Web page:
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After undergoing chemotherapy for treatment of breast cancer, a California woman has filed a lawsuit against Sanofi-Aventis that alleges side effects of Taxotere left her with permanent and disfiguring alopecia, despite indications made by the drug maker that hair would grow back following treatment.
The complaint (PDF) was filed by Karen Lawrence in the U.S. District Court for the Eastern District of Louisiana on March 7, indicating that the drug maker knew or should have known that the risk of permanent hair loss was greater with Taxotere than other, equally effective breast cancer treatments, yet provided false and misleading information to consumers and the medical community.
Lawrence received Taxotere for treatment of breast cancer in 2010. Although alopecia is a known side effect of chemotherapy, the drug maker indicated that the hair loss is temporary, according to the lawsuit. However, Lawrence indicates that she continues to suffer from alopecia years later.
Sanofi-Aventis introduced Taxotere (docetaxel) in 1996, as a high potency taxane-based cancer drug. Although it was marketed as a superior alternative to existing low-potency taxanes, such as Taxol, Lawrence indicates that studies show it is no more effective, yet causes women to face an increased risk of hair loss and balding that may be permanent.
Although the drug maker allegedly knew about the Taxotere permanent baldness risk, Lawrence maintains that Sanofi-Aventis wrongfully withheld information from physicians, healthcare providers, patients and the public.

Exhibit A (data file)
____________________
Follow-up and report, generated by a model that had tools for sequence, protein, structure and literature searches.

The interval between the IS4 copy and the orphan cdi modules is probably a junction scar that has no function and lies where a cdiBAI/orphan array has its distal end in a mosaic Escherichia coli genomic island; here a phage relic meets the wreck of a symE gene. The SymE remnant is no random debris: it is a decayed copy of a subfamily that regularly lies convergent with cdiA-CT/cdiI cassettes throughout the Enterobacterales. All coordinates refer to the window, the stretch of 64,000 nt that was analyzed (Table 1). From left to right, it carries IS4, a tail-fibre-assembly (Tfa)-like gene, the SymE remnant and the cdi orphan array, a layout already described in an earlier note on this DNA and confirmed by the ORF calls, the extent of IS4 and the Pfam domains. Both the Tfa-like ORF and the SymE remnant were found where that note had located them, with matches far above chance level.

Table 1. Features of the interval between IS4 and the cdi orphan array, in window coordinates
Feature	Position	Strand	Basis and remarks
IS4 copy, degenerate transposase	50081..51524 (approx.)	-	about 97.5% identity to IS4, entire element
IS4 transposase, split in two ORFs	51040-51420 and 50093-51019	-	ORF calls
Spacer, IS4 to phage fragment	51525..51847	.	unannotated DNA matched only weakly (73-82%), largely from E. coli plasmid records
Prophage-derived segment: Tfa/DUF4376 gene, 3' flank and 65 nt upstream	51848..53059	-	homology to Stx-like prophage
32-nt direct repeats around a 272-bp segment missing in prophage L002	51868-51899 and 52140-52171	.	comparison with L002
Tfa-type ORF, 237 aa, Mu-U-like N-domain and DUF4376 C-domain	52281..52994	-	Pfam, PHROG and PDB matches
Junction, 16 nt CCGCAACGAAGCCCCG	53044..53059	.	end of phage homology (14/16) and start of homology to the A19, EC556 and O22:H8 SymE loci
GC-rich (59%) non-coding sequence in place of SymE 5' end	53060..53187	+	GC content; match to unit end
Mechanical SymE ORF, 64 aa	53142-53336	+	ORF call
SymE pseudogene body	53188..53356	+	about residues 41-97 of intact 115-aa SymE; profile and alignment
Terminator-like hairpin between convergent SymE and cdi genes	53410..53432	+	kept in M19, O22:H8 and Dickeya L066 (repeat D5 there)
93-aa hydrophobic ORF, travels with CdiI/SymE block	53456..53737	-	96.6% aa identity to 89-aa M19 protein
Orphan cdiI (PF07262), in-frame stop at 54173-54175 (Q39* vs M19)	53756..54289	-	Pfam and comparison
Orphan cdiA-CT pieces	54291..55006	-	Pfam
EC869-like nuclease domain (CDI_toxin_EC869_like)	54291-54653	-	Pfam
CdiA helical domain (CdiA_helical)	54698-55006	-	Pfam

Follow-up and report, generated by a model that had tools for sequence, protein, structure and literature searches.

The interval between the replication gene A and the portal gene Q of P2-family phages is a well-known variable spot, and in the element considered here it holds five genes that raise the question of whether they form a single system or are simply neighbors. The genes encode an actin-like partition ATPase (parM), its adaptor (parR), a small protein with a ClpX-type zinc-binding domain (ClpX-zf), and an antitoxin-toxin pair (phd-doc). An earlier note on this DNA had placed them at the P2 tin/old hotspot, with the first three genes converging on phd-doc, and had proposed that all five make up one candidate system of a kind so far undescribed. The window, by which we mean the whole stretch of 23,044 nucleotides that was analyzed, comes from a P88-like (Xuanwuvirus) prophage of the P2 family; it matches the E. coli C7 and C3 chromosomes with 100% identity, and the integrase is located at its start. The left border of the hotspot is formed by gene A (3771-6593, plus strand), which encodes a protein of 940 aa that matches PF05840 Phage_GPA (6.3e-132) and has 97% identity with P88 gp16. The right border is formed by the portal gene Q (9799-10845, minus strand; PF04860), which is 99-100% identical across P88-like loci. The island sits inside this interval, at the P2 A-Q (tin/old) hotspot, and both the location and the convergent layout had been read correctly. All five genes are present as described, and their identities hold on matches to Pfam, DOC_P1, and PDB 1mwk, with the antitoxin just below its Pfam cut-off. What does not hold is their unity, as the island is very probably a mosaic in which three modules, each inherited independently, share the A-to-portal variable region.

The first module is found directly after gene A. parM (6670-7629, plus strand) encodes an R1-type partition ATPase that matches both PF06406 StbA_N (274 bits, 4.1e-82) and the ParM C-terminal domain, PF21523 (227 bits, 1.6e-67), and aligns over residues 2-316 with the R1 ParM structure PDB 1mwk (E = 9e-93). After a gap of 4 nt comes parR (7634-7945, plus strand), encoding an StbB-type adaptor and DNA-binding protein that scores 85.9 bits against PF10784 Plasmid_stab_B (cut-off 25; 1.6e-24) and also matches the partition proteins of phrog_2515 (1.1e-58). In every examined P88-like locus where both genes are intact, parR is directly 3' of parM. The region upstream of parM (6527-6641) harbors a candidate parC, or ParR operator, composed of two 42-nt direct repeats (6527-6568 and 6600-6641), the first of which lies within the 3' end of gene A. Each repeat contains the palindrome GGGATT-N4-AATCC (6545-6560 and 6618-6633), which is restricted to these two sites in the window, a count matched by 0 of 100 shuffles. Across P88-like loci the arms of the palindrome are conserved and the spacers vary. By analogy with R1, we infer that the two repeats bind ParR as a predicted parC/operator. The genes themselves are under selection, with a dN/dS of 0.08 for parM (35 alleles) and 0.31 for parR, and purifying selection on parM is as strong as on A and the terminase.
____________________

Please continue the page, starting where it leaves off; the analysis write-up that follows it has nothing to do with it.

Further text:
“Despite Defendants’ knowledge of the relevant findings of [a 2005 study], as well as reports from patients who had taken Taxotere and suffered permanent disfiguring hair loss, Defendants failed to provide accurate information and proper warnings to physicians, healthcare providers and patients in the United States, including Plaintiff, that patients who take Taxotere are at a significant increased risk of suffering from permanent disfiguring hair loss,” according to allegations raised in the complaint.
Lawrence joins a growing number of women nationwide who have filed similar Taxotere alopecia lawsuits, pursuing damages for hair problems that often results in great mental anguish, as well as economic damages due to inability to work or engage in other daily activities due to the psychological damage.
While Taxotere warnings in several other countries were previously updated to include information about the risk of permanent baldness, that same information was not provided to American women and doctors, according to the complaint.
“Defendants chose to withhold this information in the United States despite advising physicians, patients and regulatory agencies in other countries, including the European Union and Canada, that Taxotere causes an increased risk of permanent disfiguring hair loss,” according to the lawsuit filed by Lawrence. “Defendants instead continued to warn or advise physicians, healthcare providers, patients and Plaintiff in the United States only with the generic, vague and insufficient warning that ‘hair generally grows back’ after taking Taxotere.”
In October 2016, the U.S. Judicial Panel on Multidistrict Litigation (JPML) consolidated all cases over Taxotere alopecia side effects filed in federal courts nationwide, centralizing the lawsuits before one judge in the Eastern District of Louisiana for coordinated pretrial proceedings.
It is likely that a small group of cases will be prepared for early “bellwether” trials to help gauge how juries may respond to certain evidence and expert testimony that will be repeated throughout the litigation. While the outcome of such early trials will not be binding in other cases, they may help the parties reach Taxotere settlements for women suffering permanent baldness or hair loss problems, avoiding the need for dozens of individual trials in courts throughout the U.S.